Inefficient systems due to poor compliance
Poor security compliance also increases the risk of networks becoming insecure, inefficient, and harder to control.
Many business networks have become more complex due to the expansion of remote working and eCommerce. Compliance with industry regulations allows security teams to keep pace with those changes, providing greater awareness of multiplying endpoints, emerging access management issues, and the availability of new security tools to enhance network security.
Without solid compliance management, companies risk falling behind competitors that follow standards closely. Remote workers may be less effective. Managers might be detached from teams, while fundamental security weaknesses can lead to constant fire-fighting as threats emerge.
How can security compliance help your business?
Greater trust from customers and partners
Trust is all-important in the digital realm. Customers are becoming more attuned to data risks and surveillance, and they don’t want to deal with companies that expose sensitive data. The same applies to businesses and government organizations keen to work with compliant partners.
Compliance with regulations like ISO 27001 provides reassurance for clients and partners. To obtain certification, applicants must pass an external audit by accredited security experts, and they need to meet a demanding series of risk management requirements. This mix of internal activity and external monitoring indicates how seriously a business takes security.
Protection from penalties for non-compliance
The most obvious benefit of adopting rigorous information security compliance is the avoidance of fines or prosecution. On their own, fines from regulatory breaches are significant. But they are more than just financial penalties.
Every regulatory violation sends a powerful message to the rest of the world that a company doesn’t meet basic security requirements.
If you work in healthcare, repeated HIPAA fines are likely to deter clients from purchasing your insurance products. 56% of U.S. patients report that they don’t trust healthcare companies to protect their personally identifiable information. In that context, compliance can be a crucial selling point.
Similarly, PCI-DSS breaches are a clear signal that companies are failing to protect payment details, and GDPR violations suggest that companies are failing to take confidentiality into account. In an ultra-connected world, an organization’s security values matter.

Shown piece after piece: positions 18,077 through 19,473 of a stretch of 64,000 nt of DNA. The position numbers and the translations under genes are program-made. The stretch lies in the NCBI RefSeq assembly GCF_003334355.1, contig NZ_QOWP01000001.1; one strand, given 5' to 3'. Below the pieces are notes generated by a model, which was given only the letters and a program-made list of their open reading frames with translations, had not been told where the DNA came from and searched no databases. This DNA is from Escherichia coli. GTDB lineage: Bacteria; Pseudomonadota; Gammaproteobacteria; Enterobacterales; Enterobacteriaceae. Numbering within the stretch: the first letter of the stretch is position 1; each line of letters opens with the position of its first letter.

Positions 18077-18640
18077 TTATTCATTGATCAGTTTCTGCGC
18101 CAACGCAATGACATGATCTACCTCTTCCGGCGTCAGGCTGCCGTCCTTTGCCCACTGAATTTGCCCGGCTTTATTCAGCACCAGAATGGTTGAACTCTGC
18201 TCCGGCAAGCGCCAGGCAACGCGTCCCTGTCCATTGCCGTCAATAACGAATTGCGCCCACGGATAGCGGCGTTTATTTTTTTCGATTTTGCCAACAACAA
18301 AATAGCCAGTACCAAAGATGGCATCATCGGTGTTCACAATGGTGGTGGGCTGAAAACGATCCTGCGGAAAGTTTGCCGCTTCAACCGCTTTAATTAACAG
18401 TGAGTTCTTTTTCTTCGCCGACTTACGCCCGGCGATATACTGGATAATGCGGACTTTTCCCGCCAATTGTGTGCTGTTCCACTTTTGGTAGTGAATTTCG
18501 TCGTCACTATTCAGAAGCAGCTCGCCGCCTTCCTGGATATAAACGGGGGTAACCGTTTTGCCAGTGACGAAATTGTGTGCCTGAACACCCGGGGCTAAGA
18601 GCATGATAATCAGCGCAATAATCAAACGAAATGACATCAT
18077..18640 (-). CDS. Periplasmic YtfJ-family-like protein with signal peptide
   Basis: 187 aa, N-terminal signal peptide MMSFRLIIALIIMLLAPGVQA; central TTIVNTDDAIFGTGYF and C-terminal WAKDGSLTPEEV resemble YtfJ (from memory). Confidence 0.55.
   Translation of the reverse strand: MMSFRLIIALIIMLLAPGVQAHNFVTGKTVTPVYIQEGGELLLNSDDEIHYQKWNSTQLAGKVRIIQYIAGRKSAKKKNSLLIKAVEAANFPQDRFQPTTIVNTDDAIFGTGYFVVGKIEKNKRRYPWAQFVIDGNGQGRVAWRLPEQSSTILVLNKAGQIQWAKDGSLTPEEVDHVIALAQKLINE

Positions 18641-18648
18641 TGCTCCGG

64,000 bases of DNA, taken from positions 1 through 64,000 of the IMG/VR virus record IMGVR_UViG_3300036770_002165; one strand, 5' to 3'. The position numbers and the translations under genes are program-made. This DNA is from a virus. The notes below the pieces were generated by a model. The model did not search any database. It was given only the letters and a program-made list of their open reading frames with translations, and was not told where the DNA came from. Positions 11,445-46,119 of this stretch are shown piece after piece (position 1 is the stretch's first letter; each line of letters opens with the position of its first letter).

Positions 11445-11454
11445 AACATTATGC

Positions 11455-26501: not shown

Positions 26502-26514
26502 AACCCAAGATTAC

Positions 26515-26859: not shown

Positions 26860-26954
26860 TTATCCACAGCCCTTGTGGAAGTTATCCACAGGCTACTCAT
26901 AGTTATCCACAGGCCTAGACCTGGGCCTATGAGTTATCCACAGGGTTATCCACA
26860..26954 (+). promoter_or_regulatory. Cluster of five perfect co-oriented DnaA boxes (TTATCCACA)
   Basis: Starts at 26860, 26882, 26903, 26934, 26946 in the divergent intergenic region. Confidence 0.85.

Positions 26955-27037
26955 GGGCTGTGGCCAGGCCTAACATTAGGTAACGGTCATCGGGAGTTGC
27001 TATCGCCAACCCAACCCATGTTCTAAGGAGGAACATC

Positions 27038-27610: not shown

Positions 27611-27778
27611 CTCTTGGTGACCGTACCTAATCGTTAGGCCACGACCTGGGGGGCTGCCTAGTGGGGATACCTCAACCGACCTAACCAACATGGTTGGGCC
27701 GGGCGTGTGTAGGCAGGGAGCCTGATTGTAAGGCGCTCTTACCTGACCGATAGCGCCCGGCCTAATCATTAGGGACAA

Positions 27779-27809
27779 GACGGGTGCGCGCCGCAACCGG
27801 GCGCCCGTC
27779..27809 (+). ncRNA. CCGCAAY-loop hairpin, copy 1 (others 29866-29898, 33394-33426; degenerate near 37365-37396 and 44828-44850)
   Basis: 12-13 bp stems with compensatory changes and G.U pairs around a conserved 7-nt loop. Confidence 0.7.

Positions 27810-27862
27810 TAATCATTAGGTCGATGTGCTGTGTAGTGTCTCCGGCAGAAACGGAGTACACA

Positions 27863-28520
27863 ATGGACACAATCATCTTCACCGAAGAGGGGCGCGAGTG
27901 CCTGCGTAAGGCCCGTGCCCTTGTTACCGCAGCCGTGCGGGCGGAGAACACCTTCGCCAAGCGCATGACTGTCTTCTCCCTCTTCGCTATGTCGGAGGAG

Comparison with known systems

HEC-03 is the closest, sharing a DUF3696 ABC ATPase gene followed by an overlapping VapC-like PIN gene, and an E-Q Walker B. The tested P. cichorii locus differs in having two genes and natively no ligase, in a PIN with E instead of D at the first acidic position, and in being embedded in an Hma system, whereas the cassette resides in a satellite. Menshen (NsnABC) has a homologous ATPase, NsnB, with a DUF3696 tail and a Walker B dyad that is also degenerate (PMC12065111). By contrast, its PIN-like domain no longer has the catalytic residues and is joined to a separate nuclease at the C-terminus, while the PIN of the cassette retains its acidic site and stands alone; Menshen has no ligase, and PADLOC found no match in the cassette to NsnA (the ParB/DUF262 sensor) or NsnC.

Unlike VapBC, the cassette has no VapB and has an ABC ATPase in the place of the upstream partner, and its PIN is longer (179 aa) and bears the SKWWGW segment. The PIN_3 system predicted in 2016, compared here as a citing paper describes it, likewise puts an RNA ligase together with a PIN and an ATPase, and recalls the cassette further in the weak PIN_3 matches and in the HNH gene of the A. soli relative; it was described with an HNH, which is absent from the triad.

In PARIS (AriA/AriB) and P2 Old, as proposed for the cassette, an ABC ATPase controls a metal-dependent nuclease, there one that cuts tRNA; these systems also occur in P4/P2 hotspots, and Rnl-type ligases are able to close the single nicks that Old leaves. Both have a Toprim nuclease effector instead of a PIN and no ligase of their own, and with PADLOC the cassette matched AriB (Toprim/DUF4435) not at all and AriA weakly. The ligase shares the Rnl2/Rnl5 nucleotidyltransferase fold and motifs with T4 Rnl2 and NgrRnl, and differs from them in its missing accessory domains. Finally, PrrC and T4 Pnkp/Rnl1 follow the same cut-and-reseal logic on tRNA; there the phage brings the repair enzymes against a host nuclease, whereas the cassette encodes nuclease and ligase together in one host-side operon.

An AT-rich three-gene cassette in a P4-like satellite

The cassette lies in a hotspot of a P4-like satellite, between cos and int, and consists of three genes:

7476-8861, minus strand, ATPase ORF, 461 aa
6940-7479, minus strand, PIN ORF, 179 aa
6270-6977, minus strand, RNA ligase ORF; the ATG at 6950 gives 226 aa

More efficient data management policies
Becoming security compliant isn’t just about managing external risks such as fines or loss of trust. It can also contribute to improved internal systems. Compliant businesses tend to be better managed, more efficient, and information-rich. And that’s particularly true when it comes to data management.
For instance, complete GDPR compliance frameworks help companies understand where they hold customer data and what data they possess. The process of gaining consent and offering opt-outs can also have supplementary benefits, such as segmenting databases into different customer tiers. Those who opt-in and accept all cookies may be better targets for focused marketing campaigns.
Better security technology
The road to compliance is also a stimulus for companies to invest in better information security.
Few organizations equip themselves with the tools, expertise, and policies required to meet relevant regulations. To get there, they need to invest in information security management systems like automated innovative compliance tools, enterprise-wide Virtual Private Networks, and multi-factor authentication.
Creating a network security compliance plan gives your security team the authority to modernize infrastructure across the board. Meeting regulatory requirements allows information security professionals to deploy access controls across all departments. They can also implement patching policies to ensure that software is updated.
Valuable operational insights
Achieving compliance is a learning process that often leads to completely new perspectives. Companies can gather vast amounts of information about their operations, and marketing departments can use this in various ways.
For instance, departmental audits can reveal information about working patterns, how employees use technology, and security practices. Data gathering audits can streamline the way companies interact with customers and suggest ways to boost data privacy, while remote working audits can increase flexible working while improving security.